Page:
Critical Essays Slave Narrative Conventions


Incidents in the Life of a Slave Girl is a slave narrative, an autobiography (first-person narrative) by an enslaved black American woman who describes her experiences in slavery and her escape from bondage in the South to freedom in the North. The slave narrative is closely related to the memoir and the autobiography. (A memoir is generally defined as a form of autobiography that deals with the recollections of prominent people who have experienced or witnessed important events. Memoirs are usually concerned with the personalities and actions of others, but autobiography focuses on the writer's inner life.)

Because slave narratives document the horrors of slavery as experienced by ex-slaves, they serve as a powerful tool for exposing the brutalities of the chattel slave system, which defined people as "property." The narratives also served as a testament to the courage and dignity of black men and women who were perceived by their "masters" as subhuman creatures without souls.

Slave narratives first appeared in the United States around 1703, but most were published during the era of abolitionism, from 1831 to the end of the Civil War in 1865. One of the most prominent slave narratives published during this period was Frederick Douglass' Narrative (1845). Other narratives of this period include William Wells Brown's Narrative of William W. Brown, Written by Himself; The Interesting Narrative of the Life of Olaudah Equiano, or Gustavas Vasa, the African; and The History of Mary Prince: A West Indian Slave.

After 1865, over 60 book-length narratives were published, including Booker T. Washington's Up From Slavery, and James Weldon Johnson's The Autobiography of an Ex-Coloured Man. Under the federal government's Work Projects Administration, the largest single group of slave narratives was collected. The collection — gathered in the South in the mid-1930s — includes 2,194 oral histories of elderly ex-slaves.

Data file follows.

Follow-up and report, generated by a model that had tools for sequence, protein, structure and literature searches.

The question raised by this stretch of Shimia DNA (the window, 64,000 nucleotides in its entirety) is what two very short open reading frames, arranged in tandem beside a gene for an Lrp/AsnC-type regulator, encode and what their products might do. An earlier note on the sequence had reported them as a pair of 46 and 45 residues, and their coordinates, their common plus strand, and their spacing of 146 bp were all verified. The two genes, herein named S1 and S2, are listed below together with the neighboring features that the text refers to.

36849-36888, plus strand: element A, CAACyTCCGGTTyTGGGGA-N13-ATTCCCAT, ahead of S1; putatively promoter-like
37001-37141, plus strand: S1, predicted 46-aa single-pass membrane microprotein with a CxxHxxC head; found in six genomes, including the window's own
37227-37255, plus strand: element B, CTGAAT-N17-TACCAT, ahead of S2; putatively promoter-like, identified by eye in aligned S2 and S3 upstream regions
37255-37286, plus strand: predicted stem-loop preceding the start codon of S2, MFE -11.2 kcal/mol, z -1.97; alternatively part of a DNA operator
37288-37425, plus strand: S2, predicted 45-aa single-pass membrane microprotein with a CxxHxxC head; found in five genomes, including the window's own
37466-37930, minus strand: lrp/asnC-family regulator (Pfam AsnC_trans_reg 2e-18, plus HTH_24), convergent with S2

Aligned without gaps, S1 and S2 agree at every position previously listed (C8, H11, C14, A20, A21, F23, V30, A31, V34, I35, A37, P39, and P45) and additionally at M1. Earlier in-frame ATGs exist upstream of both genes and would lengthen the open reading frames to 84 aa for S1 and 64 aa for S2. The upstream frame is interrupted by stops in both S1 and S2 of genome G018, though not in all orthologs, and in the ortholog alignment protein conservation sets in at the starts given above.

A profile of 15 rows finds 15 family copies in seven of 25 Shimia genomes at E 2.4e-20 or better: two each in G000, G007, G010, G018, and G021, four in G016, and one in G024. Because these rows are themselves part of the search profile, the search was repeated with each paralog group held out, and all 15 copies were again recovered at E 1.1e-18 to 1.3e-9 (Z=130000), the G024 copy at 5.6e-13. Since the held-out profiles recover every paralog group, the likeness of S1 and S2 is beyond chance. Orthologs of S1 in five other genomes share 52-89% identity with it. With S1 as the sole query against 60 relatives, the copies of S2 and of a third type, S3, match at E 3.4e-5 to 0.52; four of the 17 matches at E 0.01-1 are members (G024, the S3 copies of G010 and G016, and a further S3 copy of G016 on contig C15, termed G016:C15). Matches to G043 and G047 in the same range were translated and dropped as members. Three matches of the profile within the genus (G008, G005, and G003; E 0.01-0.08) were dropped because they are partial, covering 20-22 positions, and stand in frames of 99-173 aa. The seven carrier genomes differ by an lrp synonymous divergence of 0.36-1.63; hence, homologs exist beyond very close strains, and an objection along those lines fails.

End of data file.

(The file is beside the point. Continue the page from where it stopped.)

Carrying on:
One of the defining characteristics of the slave narrative is the testimonial or letter of authenticity generally written by a white editor or abolitionist friend of the narrator. In order to be published, black authors had to be endorsed by whites who could testify to their credibility and the authenticity of their stories.

Another defining characteristic of the slave narrative is a phrase such as "Written by Herself" in the narrative's title, and an opening statement such as "I was born. . . ," followed by a place of birth, but no birth date.

The body of the narrative generally includes vague references to the narrator's parents, descriptions of a cruel master or overseer, descriptions of whippings and other brutal treatments, and accounts of slaves being sold on the auction block.

Other distinguishing characteristics of the slave narrative are its simple, forthright style; vivid characters; and striking dramatic incidents, particularly graphic violence and daring escapes, such as that by Henry "Box" Brown, who packed himself into a small crate and was shipped north to waiting abolitionists.

Slave narratives are patterned after the biblical story of the Jewish people's escape from Israel and their subsequent journey to the Promised Land. Consequently, slave narratives often assume a religious framework and explore several common themes, such as the quest for freedom, the search for home, redemption and salvation, the search for deliverance from evil, and the crossing of boundaries. For example, the biblical stories focused on the Jews' escape from the tyrannical rule of Caesar, their journey to the Promised Land, and their perilous crossings of the River Jordan and the Red Sea, but slave narratives focus on black people's escape from their often cruel masters on southern plantations, their journeys north, and their perilous crossings of the Ohio River en route to the Free States, a water passage that mirrors the horrific Middle Passage of enslaved Africans from Africa to North America.

Because slaves were legally denied the right to read and write, often under penalty of disfigurement or death, American slave narratives also focus on the quest for literacy, which was often linked with the quest for freedom. (Slaves who could read and write were more likely to escape, because they could forge their own passes and read about the successful escapes of other slaves.)

Like the Negro spirituals, slave narratives have had a profound impact on contemporary American literature. And like the spirituals — which often contain secret codes decipherable only by enslaved blacks — they were considered dangerous and subversive by slaveholders, who feared that they might incite slave revolts and riots.

A primary goal of the slave narratives was to gain the sympathy of white readers and gain support for the abolitionist movement.